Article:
The heart of Rome’s Trastevere neighborhood, with its picturesque cobbled streets and vine-covered walls, could not be farther from the asylum-seeker camp the Muslim families were living in just three days ago.
That was until the pope’s lightning trip to the Greek island of Lesbos on Saturday (April 16) that drew attention to the plight of refugees and ended with him bringing the 12 Syrians back to Rome on the papal plane.
“It was a miracle for us; he saved us. It was wonderful news; we didn’t expect it,” said Osama, a 36-year-old printer, who spoke through a translator as he and the others met with journalists on Monday (April 18).
Osama and his wife Wasa, 29 — they just used first names for security reasons — were only told on Friday that they would be leaving Lesbos with the pope a day later. Their two children, 6-year-old Masar and her brother Omar, 8, were said to be happy despite yawning and rubbing their tired eyes.
The families were selected by the Community of Sant’Egidio, a Catholic social justice group, after being identified as particularly vulnerable. Francis said on Saturday that the selection was not based on religion and those chosen had the necessary paperwork to leave Lesbos.
The 12 are among the more than 150,000 migrants and refugees who have arrived in Greece so far this year, half of which are from Syria.
Osama described a “terrible” journey to Europe from the family’s home in Damascus, the Syrian capital, ending when they were saved by the coast guard off the coast of Greece.
His story mirrors that of Ramy, 51, a teacher from Deir ez-Zor whose family was also saved while on board a boat from Turkey.
“We fled because of the bombardments and the war … which has lasted many years. For that reason we thought of escaping, because we didn’t know how it would end,” Ramy said.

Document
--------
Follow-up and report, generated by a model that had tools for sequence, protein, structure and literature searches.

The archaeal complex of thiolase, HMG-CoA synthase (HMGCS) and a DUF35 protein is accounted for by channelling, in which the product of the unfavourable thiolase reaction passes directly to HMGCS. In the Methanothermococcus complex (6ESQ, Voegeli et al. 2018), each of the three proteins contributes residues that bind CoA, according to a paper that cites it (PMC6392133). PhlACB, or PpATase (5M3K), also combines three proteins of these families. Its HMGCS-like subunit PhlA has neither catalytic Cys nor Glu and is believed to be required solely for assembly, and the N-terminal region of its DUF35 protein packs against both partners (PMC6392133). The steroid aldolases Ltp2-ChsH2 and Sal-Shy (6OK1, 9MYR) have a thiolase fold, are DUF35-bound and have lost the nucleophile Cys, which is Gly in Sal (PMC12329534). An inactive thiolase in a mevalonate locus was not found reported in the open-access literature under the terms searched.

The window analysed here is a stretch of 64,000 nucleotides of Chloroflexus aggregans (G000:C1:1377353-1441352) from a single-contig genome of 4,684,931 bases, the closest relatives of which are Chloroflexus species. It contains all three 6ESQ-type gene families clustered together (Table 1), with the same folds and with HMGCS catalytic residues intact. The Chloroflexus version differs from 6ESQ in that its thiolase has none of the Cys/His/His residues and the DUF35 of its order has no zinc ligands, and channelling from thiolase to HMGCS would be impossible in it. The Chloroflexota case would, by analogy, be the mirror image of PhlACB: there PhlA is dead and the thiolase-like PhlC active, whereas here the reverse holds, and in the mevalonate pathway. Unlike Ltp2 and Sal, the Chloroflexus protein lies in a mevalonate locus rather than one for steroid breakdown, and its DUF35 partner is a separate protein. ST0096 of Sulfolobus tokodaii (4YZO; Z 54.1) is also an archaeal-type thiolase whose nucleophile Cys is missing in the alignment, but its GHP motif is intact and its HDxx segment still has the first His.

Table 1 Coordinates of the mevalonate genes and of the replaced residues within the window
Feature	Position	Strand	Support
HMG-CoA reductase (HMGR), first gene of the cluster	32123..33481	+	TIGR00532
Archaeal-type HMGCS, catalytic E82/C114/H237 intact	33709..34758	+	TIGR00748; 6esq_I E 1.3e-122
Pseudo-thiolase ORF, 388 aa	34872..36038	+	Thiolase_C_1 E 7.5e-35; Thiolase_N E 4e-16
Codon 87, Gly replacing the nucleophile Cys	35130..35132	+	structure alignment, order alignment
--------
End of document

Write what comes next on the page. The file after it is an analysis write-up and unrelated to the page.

He and his seamstress wife Suhali, 50, have a 7-year-old girl, Al Quds, who appeared delighted with the attention the family was getting. In fleeing Syria her parents thought especially of their teenage sons, 18-year-old Rashid and 15-year-old Abdelmajid, fearing they would be forced to join the Syrian army and kill — or be killed.
While Ramy described meeting the pope as a miracle and an unbelievable moment, it was tinged with sadness for Abdelmajid. He had been forced to leave a girl he had fallen for, a 19-year-old Spanish volunteer in the Lesbos camp, and the pair broke down in tears on hearing they were to part.
Abdelmajid’s father, however, remained focused on the future: “We want to learn the language, send the children to school, live in peace.”
The Syrian families formally sought asylum on landing in Rome and a Sant’Egidio official said the Vatican was covering the costs. Currently staying in accommodations run by the Catholic charity, they may be moved to other housing at a later stage.
The youngest Syrian to travel to Rome with the pope was 2-year-old Riyad from Damascus, who was busy playing with pebbles while his mother Nour, a 30-year-old atomic researcher, spoke to the world’s media.
His father Hasan, a garden designer, beamed at mention of the pontiff, whom the 31-year-old showered with praise: “The pope is an amazing person, an incredible person. We hope that every religious person could be like the pope.”
Last year, Francis urged each parish in Europe to take in a refugee family, and he led the way by first having the Vatican host an Eritrean and a Syrian family. The pope’s plea has been taken up by some churches, although Hasan hoped more would be done to ensure Syria’s nearly 5 million refugees are afforded a safe haven.
Hasan was aware of just how fortunate his family had been, describing their journey to Italy as a dream and recalling the welcome they received in Rome:
“They told us we were in a safe situation, because the pope has taken us into his care.”